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Advocate spotlights workers' deaths

Tyson pushed onvirus safeguards by Nathan Owens | August 6, 2020 at 2:02 a.m.
Tyson employees line up Tuesday, June 9, 2020, at a covid-19 testing station set up outside the Tyson Foods Chick-N-Quick plant in Rogers. (NWA Democrat-Gazette/Ben Goff)

An advocate for the state's poultry industry workers posted a video on social media this week to share complaints about the deaths of workers who were employed at a Tyson Foods chicken plant in Van Buren.

Magaly Licolli, one of the founders of the advocacy group Venceremos in Springdale, identified plant employees who died from covid-19 infections. She said Arkansas poultry workers are contracting the virus and dying because they are not adequately protected by their employers.

"Nobody's talking about the deaths in these plants," Licolli said. "These workers have names, these workers have families, these workers are part of our work communities."

Seven workers at the Van Buren plant have died, Licolli said Wednesday, naming five of them.

[CORONAVIRUS: Click here for our complete coverage »]

On a Facebook Live video this week, Licolli stood in front of the Van Buren chicken plant and identified Salvador Zamorano Andres, Martin Cardenas and Jesus Lovato Molina, of Sebastian County and Khammy Nothongkham and Viengsong Phanphengdee, of Crawford County as the workers who died after contracting the virus.

Their covid-19 related deaths were confirmed Wednesday by county coroners.

"We are saddened by the loss of any Tyson team member," Tyson spokesman Worth Sparkman said in response to the deaths.

As U.S. meatpacking workers began testing positive for covid-19 in the spring, employers installed workstation dividers and began making temperature checks and other safety measures to protect workers and to keep their plants running. Some companies are offering bonuses to workers for attendance.

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Health clinics at Tyson facilities have been set up to test workers with symptoms and workers in close contact with those who tested positive. Tyson said it plans to test thousands of workers each week under a new strategy that randomly picks workers regardless of symptoms.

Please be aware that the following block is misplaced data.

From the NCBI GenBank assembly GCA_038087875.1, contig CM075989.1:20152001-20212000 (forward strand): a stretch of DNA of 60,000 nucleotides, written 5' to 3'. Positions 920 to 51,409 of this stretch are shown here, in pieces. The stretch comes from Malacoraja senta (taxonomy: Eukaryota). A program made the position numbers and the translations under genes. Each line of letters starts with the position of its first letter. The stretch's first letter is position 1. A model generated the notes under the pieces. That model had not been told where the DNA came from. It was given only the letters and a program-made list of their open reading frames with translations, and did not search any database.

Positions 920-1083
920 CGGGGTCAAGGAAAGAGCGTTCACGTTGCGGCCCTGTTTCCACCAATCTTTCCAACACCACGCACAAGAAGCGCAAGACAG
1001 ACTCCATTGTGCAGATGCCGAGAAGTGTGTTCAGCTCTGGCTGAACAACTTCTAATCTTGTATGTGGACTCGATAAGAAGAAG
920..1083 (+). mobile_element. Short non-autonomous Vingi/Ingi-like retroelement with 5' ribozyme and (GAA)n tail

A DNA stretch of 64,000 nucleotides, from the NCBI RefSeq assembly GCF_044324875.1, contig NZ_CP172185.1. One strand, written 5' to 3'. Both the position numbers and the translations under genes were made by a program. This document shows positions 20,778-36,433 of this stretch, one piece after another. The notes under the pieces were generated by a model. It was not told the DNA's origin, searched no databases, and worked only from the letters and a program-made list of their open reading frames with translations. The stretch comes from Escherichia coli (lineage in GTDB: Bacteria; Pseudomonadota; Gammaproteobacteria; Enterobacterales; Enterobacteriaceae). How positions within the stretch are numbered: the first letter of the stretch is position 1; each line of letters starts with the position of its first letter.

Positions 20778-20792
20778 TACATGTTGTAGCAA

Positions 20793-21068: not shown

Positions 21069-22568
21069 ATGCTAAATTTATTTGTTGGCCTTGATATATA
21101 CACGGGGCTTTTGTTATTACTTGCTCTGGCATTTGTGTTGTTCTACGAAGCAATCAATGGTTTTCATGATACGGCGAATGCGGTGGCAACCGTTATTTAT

"Our top priority is the health and safety of all our team members," Sparkman said. One of the mobile clinics is at the Van Buren plant, he said.

Licolli has been critical of Tyson's efforts, leading protests at processing plants and slaughterhouses as workers became infected with covid-19. Venceremos and the environmental group Food and Water Watch filed a complaint last week that urged the Federal Trade Commission to investigate Tyson for false labor claims.

If workers are sick and do not show symptoms, Licolli said they are required to work. If they want to quarantine, she said they have to file for disability, which can be difficult because of language barriers.

Hispanic migrants account for roughly 44% of workers in U.S. meat and poultry plants and 25% are Black, according to the Center for Economic and Policy Research, a think-tank. More than half are born outside of the country and many live at or below poverty level.

Tyson has said employees are encouraged to take time off to quarantine. Front line meatpacking workers now have easier access to disability benefits, among other changes the company has made. Tyson reinstated its regular attendance policy in June after relaxing it in the initial months of the pandemic.

The Arkansas Department of Health reported 93 positive cases linked to Tyson's Van Buren plant last week. There were less than five active cases Wednesday.

As of Monday, the health department reported a total of 23 coronavirus deaths of workers with ties to the poultry industry. Asked for specific information about each outbreak, spokeswoman Danyelle McNeill said details would raise privacy issues and make it possible to identify individuals.

U.S. meat companies have started to ask judges to dismiss lawsuits claiming they are liable for the deaths of workers who tested positive for covid-19. They argue that without proof there is no way to tell where the workers contracted the virus or if the virus was the cause of death.

Their operations are also designated "critical infrastructure" under an executive order signed to keep plants open after workers started getting sick and missing shifts. Defense attorneys are citing this as a reason to dismiss complaints brought by the families of infected workers who died.

Licolli has criticized the state Health Department for not releasing worker death data by location.

"We deserve to know," she said in a video.

Licolli said in an interview that there were other deaths linked to George's and Cargill poultry plants in Northwest Arkansas.

"This needs to be investigated because this needs to stop," she said. "They cannot continue sacrificing workers for the sake of profits."

Information for this article was contributed by Eric Besson of the Arkansas Democrat-Gazette.


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